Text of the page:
Legal Marketing Association seminar: How to take control
Technology has infiltrated every nook of our professional and private lives, often helping us to sound smarter and operate more efficiently. The frustration is that technology never stops changing, offering new options nearly every day. It’s easy to feel as if we are always scrambling to catch up.
Adam Stock, chief marketing officer and client services officer at Allen Matkins, addressed ways to deal with this consternation at the 2015 Legal Marketing Association annual conference in San Diego, where he presented “The Technology Horizon, Technologies to Keep Your Marketing Relevant.”
Stock came up through the information technology ladder, an unusual background for a marketer. But it gives him confidence to incorporate tech into his firm’s marketing plans. As he pointed out, technology makes it easier to gather information. The next critical step is to manage and gain insight from the information so that we can translate it into beneficial action.
Stock gave some advice on how lawyers can take control of technology to reduce apprehension and increase the return on investment. First, you don’t have to do everything at once. Start thinking about your needs for the next three to five years to give yourself time to plan and implement.
And as with many subjects, it helps to broaden your perspective. The adoption of technology, especially, is often proportional to age. In other words, the younger you are, the more willing you will be to try out the newest gadget. This is important to keep in mind, Stock said, when you are marketing to specific groups. For example, surveys show that managers of large law firms are generally eight to 10 years older than the CEOs of the NASDAQ companies they target for business acquisition.
Here is Stock’s guidance to anyone who is thinking about how to integrate technology into marketing operations – which should be all of us.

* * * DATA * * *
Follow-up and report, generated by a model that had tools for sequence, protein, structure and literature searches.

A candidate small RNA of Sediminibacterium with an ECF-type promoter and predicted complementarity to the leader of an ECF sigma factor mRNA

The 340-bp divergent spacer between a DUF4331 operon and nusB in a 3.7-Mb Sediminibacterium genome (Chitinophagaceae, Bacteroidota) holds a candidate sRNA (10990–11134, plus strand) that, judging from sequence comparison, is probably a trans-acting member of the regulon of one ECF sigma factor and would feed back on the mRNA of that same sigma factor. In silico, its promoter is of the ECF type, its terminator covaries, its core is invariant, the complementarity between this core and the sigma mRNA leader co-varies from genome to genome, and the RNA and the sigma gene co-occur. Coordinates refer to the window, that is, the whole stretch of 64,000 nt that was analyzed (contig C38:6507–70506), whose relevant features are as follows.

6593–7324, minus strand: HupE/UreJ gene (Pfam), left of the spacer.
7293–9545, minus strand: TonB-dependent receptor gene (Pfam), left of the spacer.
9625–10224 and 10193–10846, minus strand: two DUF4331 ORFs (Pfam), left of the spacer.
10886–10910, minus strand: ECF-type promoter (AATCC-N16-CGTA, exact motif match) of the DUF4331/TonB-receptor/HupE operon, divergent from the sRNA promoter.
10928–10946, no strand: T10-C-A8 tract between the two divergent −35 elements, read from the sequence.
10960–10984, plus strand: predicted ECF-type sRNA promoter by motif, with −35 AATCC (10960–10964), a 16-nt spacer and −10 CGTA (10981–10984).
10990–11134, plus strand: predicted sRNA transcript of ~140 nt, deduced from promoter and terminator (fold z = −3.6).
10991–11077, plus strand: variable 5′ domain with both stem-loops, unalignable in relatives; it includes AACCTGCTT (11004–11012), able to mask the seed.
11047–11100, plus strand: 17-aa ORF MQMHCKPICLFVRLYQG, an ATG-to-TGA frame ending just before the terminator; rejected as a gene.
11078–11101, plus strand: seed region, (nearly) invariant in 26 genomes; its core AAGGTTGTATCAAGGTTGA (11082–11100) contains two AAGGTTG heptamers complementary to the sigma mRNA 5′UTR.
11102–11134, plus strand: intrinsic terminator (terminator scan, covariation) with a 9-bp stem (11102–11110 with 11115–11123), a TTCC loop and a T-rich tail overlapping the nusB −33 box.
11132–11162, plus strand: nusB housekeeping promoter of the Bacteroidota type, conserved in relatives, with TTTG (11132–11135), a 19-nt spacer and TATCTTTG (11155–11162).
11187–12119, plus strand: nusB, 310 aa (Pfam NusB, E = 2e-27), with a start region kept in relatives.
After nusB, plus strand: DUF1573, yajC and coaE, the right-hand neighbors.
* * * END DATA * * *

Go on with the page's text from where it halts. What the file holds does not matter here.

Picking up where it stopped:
- Vendors can be your friends. Or, at least, not your enemies.
Every professional receives cold calls via phone and email. Instead of quickly deleting them, sort them into a file that you discuss once a month with your president and marketing chief. Determine whether you should learn more about any of them and then interview the vendor. If you are interested, ask for a free trial of up to 90 days. It is a good way to educate yourself about the quickly changing IT landscape while retaining the authority to commit your investments where they will help you most.
- Develop your niches.
Most firms concentrate on a few main areas but occasionally take on clients with specialized needs. You can attract more of these niche clients by optimizing your website — ensuring you provide content that conforms to the way people search for services. So-called long tail keywords help to narrow a web search. Instead of typing “business lawyer,” searchers today are more likely to ask for information on SCPA litigation, for instance. If this is an area in which you work, make sure your website includes a landing page with that heading and additional information about what you offer, your experience, client testimonials, and the like. Setting up a web page is a low-cost way to market more effectively. (You can also listen to our recent webinar “Switch to a Niche”.)
- Web access anywhere, anytime.
You have heard of responsive design. It means that no matter what device you are using – desktop, tablet, phone – your website will be accessible and easy to read. Even if you personally don’t use your phone to search the web, the majority of people do, and your company’s website needs to be responsive. Google demands it.
- LinkedIn is important.
Stock predicts that LinkedIn, the social network for business, is going to grow in importance and become something akin to an online store for attorneys. Your LinkedIn page needs to be updated at least once a quarter and list all your marketing information, including the services you offer.
- Use automated marketing.
Software programs can interpret the actions of visitors to your website and guide them to information that will allow them to make a decision. Automation moves them through the marketing pipeline until they are ready to talk to someone in the firm. This increases the number of prospective clients who can be engaged at once and gives your marketers more time to prepare an agreement. An important note: Automation can create great benefits, but when you have different programs for marketing, accounting, event planning, etc. eventually you will discover a need to have them all work together. You will save time, decrease your frustration and become much more efficient if you research and then adopt a system that ties all your software into one platform.